Alberta education minister directs school boards to review curriculum after rebuke of 'offensive' test
Photo of online exam that asks students about 'positive effect' of residential schools posted to social media
Alberta Education Minister David Eggen is directing the province's teachers to re-evaluate their curriculum after a test related to Indigenous history was highly criticized last week.
"I've instructed all my school boards to look at what they're teaching, what they're using, and take a good hard second look," Eggen said Saturday.
The minister said he has told school boards to review all instructional materials related to residential schools and ask whether the content is appropriate and true.
Eggen made the comments after giving a speech at a conference at Grant MacEwan University, where teachers were learning about coding curriculum.
Eggen said he was sorry but grateful that a student from a St. Paul, Alta., program exposed the test on social media last week, alerting the government to its offensive nature.
"It was difficult, it was painful, I was a bit angry," he said. "It underlines the absolute importance of building new curriculum."
The multiple choice social studies test asked students to check off what they believed to be a "positive effect" of residential schools on Indigenous students. Answers included "children became civilized" and "children were taught manners."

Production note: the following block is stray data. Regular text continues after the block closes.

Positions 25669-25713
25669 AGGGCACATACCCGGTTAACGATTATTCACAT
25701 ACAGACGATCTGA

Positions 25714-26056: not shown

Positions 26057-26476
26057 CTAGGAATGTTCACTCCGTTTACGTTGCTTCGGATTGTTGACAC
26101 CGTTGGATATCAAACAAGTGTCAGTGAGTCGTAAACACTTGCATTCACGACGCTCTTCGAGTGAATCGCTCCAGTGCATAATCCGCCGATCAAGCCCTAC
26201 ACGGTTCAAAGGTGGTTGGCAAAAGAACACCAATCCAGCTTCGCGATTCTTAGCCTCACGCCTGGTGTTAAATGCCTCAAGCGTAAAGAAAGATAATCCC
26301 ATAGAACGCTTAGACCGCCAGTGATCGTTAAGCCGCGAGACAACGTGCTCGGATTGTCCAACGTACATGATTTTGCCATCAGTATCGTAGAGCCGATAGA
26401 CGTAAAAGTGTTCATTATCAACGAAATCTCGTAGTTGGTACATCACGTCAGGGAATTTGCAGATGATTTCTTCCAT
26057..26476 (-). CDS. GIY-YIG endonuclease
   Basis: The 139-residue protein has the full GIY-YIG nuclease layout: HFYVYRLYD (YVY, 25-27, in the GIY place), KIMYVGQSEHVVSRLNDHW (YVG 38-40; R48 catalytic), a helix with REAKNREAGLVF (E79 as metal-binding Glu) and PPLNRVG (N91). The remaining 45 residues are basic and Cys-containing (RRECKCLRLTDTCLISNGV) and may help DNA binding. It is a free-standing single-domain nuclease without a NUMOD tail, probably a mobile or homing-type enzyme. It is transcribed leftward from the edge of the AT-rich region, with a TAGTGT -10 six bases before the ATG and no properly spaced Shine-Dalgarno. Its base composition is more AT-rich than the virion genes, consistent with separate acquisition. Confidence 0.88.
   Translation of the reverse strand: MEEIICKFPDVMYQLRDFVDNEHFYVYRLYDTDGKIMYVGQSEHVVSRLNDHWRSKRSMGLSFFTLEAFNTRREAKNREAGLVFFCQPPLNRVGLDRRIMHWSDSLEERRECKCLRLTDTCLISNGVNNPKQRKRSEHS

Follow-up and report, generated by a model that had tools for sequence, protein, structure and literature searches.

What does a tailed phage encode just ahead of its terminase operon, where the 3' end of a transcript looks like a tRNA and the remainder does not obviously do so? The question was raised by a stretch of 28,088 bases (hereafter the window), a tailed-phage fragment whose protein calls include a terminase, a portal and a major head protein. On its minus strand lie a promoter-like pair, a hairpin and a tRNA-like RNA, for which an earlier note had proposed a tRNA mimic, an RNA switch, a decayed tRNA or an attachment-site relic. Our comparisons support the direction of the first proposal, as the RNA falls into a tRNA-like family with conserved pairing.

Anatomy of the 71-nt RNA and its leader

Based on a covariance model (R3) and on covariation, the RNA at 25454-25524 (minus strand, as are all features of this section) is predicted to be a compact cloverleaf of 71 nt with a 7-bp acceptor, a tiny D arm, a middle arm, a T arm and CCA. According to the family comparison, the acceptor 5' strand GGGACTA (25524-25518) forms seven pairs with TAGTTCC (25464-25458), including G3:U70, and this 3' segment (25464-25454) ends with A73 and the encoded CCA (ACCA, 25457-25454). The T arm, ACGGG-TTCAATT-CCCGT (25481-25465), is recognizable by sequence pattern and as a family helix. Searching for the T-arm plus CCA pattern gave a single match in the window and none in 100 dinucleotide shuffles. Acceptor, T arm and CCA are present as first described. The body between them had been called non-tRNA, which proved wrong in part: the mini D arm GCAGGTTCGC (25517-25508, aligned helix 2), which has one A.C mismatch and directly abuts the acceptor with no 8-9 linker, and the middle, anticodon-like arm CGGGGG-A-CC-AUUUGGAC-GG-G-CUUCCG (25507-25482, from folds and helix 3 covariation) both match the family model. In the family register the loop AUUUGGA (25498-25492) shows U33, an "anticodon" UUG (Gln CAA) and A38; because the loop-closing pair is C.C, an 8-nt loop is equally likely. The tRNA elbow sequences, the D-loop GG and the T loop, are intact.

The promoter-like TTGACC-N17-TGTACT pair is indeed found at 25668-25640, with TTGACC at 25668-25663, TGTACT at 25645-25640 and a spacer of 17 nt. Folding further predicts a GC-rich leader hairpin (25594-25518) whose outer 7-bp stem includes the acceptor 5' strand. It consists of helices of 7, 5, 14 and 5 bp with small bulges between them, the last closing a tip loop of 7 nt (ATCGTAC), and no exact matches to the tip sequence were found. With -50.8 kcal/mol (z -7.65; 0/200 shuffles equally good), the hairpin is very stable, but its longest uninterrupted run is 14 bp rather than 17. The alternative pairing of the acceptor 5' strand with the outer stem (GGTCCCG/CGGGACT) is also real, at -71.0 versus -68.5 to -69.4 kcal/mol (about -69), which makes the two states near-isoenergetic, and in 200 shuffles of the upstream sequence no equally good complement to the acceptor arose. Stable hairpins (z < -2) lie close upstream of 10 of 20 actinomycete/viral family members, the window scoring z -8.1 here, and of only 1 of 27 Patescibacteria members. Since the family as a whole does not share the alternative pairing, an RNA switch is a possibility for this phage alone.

Eggen said Thursday he was "appalled to see such hurtful and offensive material given to an Alberta student."
The St. Paul Education Regional Division and the Alberta Distance Learning Centre (ADLC), responsible for providing the material, apologized.
Eggen said he has told the school districts to redouble their efforts in re-evaluating material "for us to be responsible and for us to be teaching both history and who we are as a culture in an honest and an equitable way."
Alberta schools are already undergoing a curriculum review. Eggen said he's also asked school boards to ensure the new material aligns with recommendations made by the Truth and Reconciliation Commission that aims to improve content on Indigenous history and culture.